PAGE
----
F1 Engines _ Valve technology
All F1 engines have used pneumatic valves for some time, first introduced by Renault on the late versions of the their V6 turbo engine.
Wire spring valve
Previously wire valve springs have been used, they use a coil spring (13) to return the valve (1) to a closed position after the cam has retarded. They required huge amounts of the detail development on their shape and material to reach the rev limits of around 15k RPM. The pressure to deliver power from 3.5l and later 3.0l engines required ever higher rev ceilings and metal springs could not longer be developed at the same rate as the rest of the engine.
Pneumatic valve spring
Pneumatic systems use conventional cams operating the valve (4) via a shim\bucket or finger follower, the valve spring pocket is replaced with a chamber (28) pressurised with nitrogen (held within a cylinder in the sidepods) that runs at a constant pressure to return the valve when the cam timing retards. You often see the teams suffer a loss of pressure in the races through leaks in the system, the driver comes in and mechanics re-pressurises the pneumatic circuit, this rarely works for more than few laps. Also when Engines are changed the un-installed engine needs a remote gas cylinder connected in order for the valves not to drop and hit the pistons.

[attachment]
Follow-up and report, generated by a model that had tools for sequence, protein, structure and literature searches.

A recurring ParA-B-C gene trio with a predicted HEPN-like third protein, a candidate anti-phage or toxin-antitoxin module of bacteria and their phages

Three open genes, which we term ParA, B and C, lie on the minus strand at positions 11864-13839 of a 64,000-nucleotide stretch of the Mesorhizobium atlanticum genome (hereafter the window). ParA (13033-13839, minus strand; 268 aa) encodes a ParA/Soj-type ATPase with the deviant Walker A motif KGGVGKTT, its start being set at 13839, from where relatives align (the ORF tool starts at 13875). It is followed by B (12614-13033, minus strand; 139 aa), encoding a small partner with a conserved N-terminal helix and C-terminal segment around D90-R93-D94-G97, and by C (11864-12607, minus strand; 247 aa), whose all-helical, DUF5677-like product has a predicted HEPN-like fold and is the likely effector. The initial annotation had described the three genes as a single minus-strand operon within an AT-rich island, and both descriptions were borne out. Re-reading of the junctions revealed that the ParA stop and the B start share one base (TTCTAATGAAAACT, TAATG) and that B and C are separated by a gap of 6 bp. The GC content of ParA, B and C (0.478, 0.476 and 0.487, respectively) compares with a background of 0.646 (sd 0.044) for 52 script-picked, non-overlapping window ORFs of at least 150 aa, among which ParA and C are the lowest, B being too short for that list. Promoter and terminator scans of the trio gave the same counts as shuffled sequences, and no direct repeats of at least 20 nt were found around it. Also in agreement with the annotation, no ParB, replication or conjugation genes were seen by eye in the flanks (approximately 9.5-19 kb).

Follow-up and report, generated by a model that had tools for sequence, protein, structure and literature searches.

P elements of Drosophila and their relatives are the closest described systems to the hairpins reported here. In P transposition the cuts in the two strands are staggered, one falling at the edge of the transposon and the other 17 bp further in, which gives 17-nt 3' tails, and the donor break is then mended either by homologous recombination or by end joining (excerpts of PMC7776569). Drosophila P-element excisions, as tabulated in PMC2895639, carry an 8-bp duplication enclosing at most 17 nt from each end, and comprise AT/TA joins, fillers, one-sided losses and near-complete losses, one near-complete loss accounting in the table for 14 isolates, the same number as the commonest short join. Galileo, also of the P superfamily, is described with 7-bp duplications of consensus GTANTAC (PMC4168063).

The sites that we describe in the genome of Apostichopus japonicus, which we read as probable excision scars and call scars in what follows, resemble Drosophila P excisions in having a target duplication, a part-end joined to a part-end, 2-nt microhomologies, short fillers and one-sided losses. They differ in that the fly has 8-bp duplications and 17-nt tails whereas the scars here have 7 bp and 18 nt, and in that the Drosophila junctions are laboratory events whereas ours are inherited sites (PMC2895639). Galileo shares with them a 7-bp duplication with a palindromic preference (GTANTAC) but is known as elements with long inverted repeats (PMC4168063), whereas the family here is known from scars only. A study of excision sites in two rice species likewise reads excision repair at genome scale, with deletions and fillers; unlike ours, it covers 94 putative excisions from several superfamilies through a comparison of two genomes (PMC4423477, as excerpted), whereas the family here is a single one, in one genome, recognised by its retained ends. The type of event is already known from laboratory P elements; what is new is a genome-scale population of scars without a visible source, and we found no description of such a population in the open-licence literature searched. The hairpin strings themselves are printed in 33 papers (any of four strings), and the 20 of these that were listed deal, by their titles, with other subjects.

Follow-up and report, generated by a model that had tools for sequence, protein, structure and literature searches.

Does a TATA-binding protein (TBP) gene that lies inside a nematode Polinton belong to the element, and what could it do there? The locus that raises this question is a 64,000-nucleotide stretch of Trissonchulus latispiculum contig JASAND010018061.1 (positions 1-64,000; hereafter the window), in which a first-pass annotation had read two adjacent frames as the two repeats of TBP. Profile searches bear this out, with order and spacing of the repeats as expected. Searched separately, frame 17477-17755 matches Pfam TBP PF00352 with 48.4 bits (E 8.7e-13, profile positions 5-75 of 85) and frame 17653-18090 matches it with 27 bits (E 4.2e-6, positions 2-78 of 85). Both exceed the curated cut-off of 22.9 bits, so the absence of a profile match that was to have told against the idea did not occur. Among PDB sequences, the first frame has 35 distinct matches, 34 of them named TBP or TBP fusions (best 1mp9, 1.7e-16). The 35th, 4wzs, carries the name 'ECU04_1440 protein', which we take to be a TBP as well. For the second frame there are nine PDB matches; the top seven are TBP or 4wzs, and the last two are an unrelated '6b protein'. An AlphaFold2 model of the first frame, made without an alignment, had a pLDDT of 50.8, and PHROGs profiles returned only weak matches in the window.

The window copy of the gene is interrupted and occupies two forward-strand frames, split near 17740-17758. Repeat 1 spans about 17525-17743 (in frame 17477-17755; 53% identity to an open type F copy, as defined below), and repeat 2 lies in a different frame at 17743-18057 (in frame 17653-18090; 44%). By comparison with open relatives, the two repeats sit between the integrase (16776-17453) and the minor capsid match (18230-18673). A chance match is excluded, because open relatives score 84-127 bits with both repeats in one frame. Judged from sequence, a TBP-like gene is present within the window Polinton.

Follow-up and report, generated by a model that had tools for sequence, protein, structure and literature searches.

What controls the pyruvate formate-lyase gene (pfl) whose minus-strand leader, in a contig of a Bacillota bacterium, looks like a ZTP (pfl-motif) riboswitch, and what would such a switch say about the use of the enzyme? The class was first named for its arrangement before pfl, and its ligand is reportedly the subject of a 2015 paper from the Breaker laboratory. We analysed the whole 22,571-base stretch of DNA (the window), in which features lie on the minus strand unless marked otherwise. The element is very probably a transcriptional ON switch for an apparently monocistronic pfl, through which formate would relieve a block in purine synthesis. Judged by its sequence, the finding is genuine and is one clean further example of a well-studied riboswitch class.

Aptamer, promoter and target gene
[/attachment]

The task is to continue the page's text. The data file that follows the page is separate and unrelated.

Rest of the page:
Wire spring vs Pneumatic valve comparision
Renault Electro-Hydraulic (Camless) valve actuation
Renault have not planned an Electro-mechanical system, which was commonly believed to use actively controlled magnetic coils to open and close the valves. Clearly the electrical and RPM performance required from the this system were not ready or suitable for a F1 engine.
What Renault have is an Electro-hydraulic system, where two pressurised circuits operate the valve (16). Valve return is still handled by the pneumatic system (52, 20), but the opening of the valves discards cams for a hydraulic circuit (50) controlled by a electronic valve (58). As this system can use high pressure hydraulics already on the car to operate the valve at the required RPM ceiling, the system seems almost too simple..! Infinitely variable valve timing plus the loss of the reciprocating weight of the cams and drive gears makes this an enticing solution. This solution has yet to race or to my knowledge even be tested in a car, Renault have admitted that as a broader automotive organisation, that this systems has been tried.